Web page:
During exercising or a workout, individuals with Chronic (Exertional) Compartment Syndrome may experience pain or cramping that usually subsides, once the exercising is stopped. This condition usually occurs in the leg muscle. Other signs and symptoms may include:

  • Numbness in the affected extremity
  • Inability to move the foot (or limb), due to pain or cramping during physical activities
  • Visible enlargement and firmness of the muscle

How is Compartment Syndrome Diagnosed?

Diagnostic methods that a physician may use to help diagnose Compartment Syndrome include:

Acute Compartment Syndrome:

  • Individuals, who may be concerned that they have Acute Compartment Syndrome, are advised to seek immediate medical attention
  • A physician will perform a physical examination by placing a gauge in the affected muscle, to measure the compartment’s pressure. In addition to this, a complete medical history can aid in arriving at a definitive diagnosis

Chronic (Exertional) Compartment Syndrome:

  • Physical examination: To help diagnose Chronic (Exertional) Compartment Syndrome, the physicians must rule out other conditions that may be causing pain within the lower leg. During this exam, a physician may apply pressure on the tendons, to rule out tendonitis. In addition to this, a complete medical history can aid in arriving at a definitive diagnosis
  • X-ray of the leg: Physicians may order an x-ray of the shinbone (tibia), to help rule out other possible causes for leg discomfort, such as a stress fracture
  • X-ray of the forearm, if signs and symptoms are observed in the forearm

Many clinical conditions may have similar signs and symptoms. Your healthcare provider may perform additional tests to rule out other clinical conditions to arrive at a definitive diagnosis.

What are the possible Complications of Compartment Syndrome?

Common complications associated with Compartment Syndrome include:

  • Permanent damage to nerve or blood vessels
  • Permanent numbness or weakness in the affected muscles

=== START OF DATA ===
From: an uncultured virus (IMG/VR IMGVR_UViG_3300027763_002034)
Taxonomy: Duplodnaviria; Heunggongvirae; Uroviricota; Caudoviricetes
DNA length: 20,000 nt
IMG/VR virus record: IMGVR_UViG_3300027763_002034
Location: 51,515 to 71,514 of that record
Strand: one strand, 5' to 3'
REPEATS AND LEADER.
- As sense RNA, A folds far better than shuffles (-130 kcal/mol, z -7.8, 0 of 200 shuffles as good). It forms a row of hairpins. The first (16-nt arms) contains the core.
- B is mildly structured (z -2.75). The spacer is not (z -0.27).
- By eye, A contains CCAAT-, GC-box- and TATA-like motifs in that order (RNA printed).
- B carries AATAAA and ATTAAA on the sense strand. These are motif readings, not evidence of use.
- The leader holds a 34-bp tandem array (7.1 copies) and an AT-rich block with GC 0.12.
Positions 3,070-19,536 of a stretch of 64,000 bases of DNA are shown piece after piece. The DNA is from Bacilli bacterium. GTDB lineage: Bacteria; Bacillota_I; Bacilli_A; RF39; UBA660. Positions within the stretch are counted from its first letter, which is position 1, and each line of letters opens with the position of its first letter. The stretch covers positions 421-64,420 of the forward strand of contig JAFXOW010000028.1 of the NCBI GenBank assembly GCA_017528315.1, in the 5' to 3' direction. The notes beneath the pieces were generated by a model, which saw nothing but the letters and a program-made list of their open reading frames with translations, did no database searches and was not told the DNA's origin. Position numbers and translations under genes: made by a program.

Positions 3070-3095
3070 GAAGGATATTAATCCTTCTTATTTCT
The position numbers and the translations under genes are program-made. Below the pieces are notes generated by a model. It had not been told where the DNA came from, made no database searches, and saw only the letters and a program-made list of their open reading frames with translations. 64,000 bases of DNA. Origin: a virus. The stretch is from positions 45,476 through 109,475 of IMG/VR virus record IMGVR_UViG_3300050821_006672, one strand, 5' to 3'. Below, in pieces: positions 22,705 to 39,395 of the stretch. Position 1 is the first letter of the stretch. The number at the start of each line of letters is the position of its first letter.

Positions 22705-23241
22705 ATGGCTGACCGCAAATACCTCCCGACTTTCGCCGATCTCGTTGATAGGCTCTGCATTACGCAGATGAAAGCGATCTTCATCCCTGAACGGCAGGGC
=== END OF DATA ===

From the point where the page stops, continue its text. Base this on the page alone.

• Inability to participate in sports
  • Permanent loss of function in the affected region

How is Compartment Syndrome Treated?

Acute Compartment Syndrome is a medical emergency, with no effective non-surgical treatment methods, currently available. Surgical treatment includes:

  • Fasciotomy: Fasciotomy is a minimally invasive surgical procedure, in which the fascia covering the muscle compartment is opened, in order to relieve pain, pressure, and swelling that maybe impairing the blood flow

Treatment measures associated with Chronic (Exertional) Compartment Syndrome include both non-surgical and surgical methods. The conservative (non-surgical) methods include:

  • Non-steroidal anti-inflammatory oral medications, such as indomethacin and naproxen, may be used to treat Chronic (Exertional) Compartment Syndrome. These medications can help decrease the pain and swelling
  • A physician may prescribe orthotic devices, such as shoe inserts
  • Physical therapy: After the signs and symptoms have abated, it is important to begin some light motion exercises. Physical therapy may help restore strength, as well as improve flexibility, in the muscles

If conservative methods are not successful in treating the chronic condition, the use of surgical procedures, such as fasciotomy, may be required.

How can Compartment Syndrome be Prevented?

Currently, there are no preventative methods for Compartment Syndrome. However, by following certain guidelines, while exercising and participating in sports activities, individuals can protect themselves against a future risk for the condition. These guidelines include:

  • Warm-up with light exercises, adequate stretching, etc. before advancing to heavy exercising or commencing any sports activity
  • Keep an adequate time period, to gradually cool down, after each exercising session
  • Maintain a healthy diet
  • Stay adequately hydrated, before, during, and after exercising/sports activities

What is the Prognosis of Compartment Syndrome? (Outcomes/Resolutions)

  • The long-term prognosis of Compartment Syndrome depends on the severity of the injury that caused the condition
  • If it is diagnosed and treated early, there is an excellent chance that the affected muscles and nerves will completely recover and be fully functional
  • If Compartment Syndrome is not treated properly, there is a danger of permanent nerve injury and loss of muscle function

Additional and Relevant Useful Information for Compartment Syndrome:

The following DoveMed website link is a useful resource for additional information:


What are some Useful Resources for Additional Information?

References and Information Sources used for the Article:

Helpful Peer-Reviewed Medical Articles:

Reviewed and Approved by a member of the DoveMed Editorial Board
First uploaded: April 15, 2014
Last updated: May 14, 2018